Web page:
There is a type of weather that happens right before a small summer squall that is fleeting but beautiful. The sun glistens on low, choppy waves that glitter like sequins under a spotlight. Offshore islands fall into dark purple shadow. This contrast makes the ocean look particularly surreal. It emphasizes the green tones in the waves and creates a creamy turquoise color as the waters are churned with oxygen. This will be a short refreshing storm that will make the hot sand smell damp. It will finish in a sun shower as rain and sun combine in diamond drops on every leaf. Perhaps there will be a rainbow arcing across the sky. The forecast is in front of your eyes if you know the beach well.
How many summer squalls have these trees seen? How many waves have they heard rushing ashore? When I see weathered trees along a coastline, I think of them as sentinels – guards for the approaching wind, waves, and storms from the sea. The boughs of these trees at Kalama beach are sculpted by wind, the flow of air made solid. Their roots are protecting the shore, holding on to grains of sand although it seems an impossible task. It is a marvel to me that anything can grow in the sand and the heat of the beach. Despite the sparse nutrients and the blazing afternoon sun, they provide shade and protect against wind and erosion.
This oil panting will be at the elegant and refreshing Lion Coffee Cafe (1555 Kalani St, Honolulu, HI 96817) which has been newly remodeled. If you are on Oahu, you can have a cup of coffee and a cookie or pastry and enjoy the show anytime Monday – Saturday from 6 AM to 5 PM between now and June 30, 2018.
Happy Lei Day & May Day! I just finished a painting celebrating Hawaiian Flowers. These are all flowers that were here long before humans found the remote beauty of Hawaii.
On the left is the vivid magenta flower stalk of the rare and gorgeous Lobelia gaudichaudii plant which grows only in high in the mountains of Oahu. In the center, peach-colored ‘ie’ie (freycinetia arbora), is the focal point. It is a high elevation vine that climbs the massive trees and cliffsides spreading bursts of long, thin leaves along a robust woody vine. Below that, the delicate yellow flowers of ilima, (Sida fallax) are the official flower of Oahu (every island has a special flower as a symbol on lei day). Ilima grows from the beaches up to the mountains and makes a wonderful landscape plant! Speaking of official flowers, Hawaii Island’s official flower, ohia, the tree which is among the first to grow forth from the barren lava, is just to the right of the ie ie. I chose the rare orange ohia blossom to continue the orange tones. Ohai (Sesbania tomentosa) is in the bottom right corner and would be wonderful to plant in your yard if you live in the drier parts of the island. If you are on Oahu, check with the specialty native plant nursery, Hui O Ka Maoli Ola – they will have it (and ilima) or will know where to get it and will probably be able to advise whether it is a good choice for your yard. Finally, rare endangered Hawaiian tree-thistle (Hesperomannia arbuscula) incorporates all three major floral colors to complete the composition.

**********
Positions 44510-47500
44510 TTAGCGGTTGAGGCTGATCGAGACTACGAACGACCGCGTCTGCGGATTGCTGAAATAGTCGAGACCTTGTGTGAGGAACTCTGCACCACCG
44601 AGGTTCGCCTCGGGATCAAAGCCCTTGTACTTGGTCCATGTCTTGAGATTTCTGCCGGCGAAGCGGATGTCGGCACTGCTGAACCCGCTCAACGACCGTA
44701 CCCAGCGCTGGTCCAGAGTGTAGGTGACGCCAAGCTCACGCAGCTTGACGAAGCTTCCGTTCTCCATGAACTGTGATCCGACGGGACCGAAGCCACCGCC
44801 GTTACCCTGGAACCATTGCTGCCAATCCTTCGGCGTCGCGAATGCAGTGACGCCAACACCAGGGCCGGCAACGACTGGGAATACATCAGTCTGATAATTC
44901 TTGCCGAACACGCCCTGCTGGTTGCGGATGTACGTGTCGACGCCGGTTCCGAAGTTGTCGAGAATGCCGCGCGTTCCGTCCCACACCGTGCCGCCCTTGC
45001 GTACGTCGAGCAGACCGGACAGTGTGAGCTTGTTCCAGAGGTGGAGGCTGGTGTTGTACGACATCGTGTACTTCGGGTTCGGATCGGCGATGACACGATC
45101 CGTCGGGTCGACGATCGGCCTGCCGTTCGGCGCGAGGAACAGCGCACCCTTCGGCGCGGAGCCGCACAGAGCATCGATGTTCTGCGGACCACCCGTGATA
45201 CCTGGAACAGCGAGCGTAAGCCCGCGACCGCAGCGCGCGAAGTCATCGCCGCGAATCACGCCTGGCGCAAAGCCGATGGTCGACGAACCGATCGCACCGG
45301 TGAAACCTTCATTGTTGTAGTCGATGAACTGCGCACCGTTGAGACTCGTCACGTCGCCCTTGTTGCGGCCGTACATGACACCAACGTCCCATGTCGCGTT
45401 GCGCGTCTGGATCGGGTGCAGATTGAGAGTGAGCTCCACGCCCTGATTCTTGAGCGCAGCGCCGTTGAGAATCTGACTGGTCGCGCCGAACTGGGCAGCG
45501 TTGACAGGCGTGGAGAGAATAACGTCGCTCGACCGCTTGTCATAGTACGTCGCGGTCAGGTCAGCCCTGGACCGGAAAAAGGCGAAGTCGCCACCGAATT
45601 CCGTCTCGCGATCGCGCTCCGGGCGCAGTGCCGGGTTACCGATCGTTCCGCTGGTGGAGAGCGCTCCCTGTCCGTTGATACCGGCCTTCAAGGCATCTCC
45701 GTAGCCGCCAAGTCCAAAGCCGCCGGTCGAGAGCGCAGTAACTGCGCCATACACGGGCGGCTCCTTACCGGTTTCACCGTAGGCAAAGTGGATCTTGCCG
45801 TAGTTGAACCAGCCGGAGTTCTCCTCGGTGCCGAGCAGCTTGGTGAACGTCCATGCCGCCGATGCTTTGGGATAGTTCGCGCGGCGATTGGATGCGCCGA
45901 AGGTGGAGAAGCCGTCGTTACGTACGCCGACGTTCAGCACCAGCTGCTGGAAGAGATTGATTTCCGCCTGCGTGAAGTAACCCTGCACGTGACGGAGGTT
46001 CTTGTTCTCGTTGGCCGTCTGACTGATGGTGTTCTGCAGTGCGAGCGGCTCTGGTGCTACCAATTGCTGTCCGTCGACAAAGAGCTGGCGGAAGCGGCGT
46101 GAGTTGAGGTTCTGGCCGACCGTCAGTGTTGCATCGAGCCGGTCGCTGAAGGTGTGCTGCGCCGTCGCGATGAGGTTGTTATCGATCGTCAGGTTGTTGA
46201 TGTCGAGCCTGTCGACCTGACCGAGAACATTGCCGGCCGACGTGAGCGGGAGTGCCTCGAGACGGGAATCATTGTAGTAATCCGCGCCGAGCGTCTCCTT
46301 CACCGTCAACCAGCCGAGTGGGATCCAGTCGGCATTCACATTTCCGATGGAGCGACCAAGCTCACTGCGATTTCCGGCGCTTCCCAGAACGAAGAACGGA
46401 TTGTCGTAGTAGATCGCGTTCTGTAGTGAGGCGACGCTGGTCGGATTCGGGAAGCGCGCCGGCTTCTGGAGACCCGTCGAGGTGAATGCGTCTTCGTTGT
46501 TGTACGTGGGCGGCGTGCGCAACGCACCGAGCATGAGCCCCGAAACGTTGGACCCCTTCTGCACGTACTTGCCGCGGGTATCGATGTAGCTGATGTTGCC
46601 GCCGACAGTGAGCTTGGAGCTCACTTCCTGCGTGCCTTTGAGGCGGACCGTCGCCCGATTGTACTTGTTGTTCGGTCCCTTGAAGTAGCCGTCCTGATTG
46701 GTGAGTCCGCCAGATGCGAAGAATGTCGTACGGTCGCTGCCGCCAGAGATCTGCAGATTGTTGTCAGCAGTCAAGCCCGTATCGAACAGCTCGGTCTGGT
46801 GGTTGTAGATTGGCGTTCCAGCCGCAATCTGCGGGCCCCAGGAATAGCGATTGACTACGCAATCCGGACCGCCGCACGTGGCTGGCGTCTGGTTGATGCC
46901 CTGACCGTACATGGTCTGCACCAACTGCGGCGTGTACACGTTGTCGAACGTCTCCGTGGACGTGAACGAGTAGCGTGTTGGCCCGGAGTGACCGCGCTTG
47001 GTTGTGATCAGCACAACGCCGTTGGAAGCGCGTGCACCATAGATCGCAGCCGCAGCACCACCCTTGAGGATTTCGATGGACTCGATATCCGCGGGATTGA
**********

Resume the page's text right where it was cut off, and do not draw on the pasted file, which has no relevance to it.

Thank you to Nate Yuen for his excellent blog http://hawaiianforest.com/ where I have learned so much about these gorgeous plants! If you want to have a more beautiful Facebook feed, follow him and enjoy the gorgeous photos he takes.
This painting is currently on the wall of the newly renovated Lion Coffee Cafe in Kalihi (1555 Kalani St, Honolulu, HI 96817). They have generously provided space on their large wall with special lighting and hanging systems specifically for artists to show and sell work. It’s a new venue for artists on Oahu, which is very exciting. I helped them design the hanging system and have become the first artist in the space to “break it in”. It’s been a fantastic experience! It’s a wonderful place to get a cup of coffee and a delicious bite to eat as you see the art on the wall. I will have my work there for two months, ending on June 30, 2018.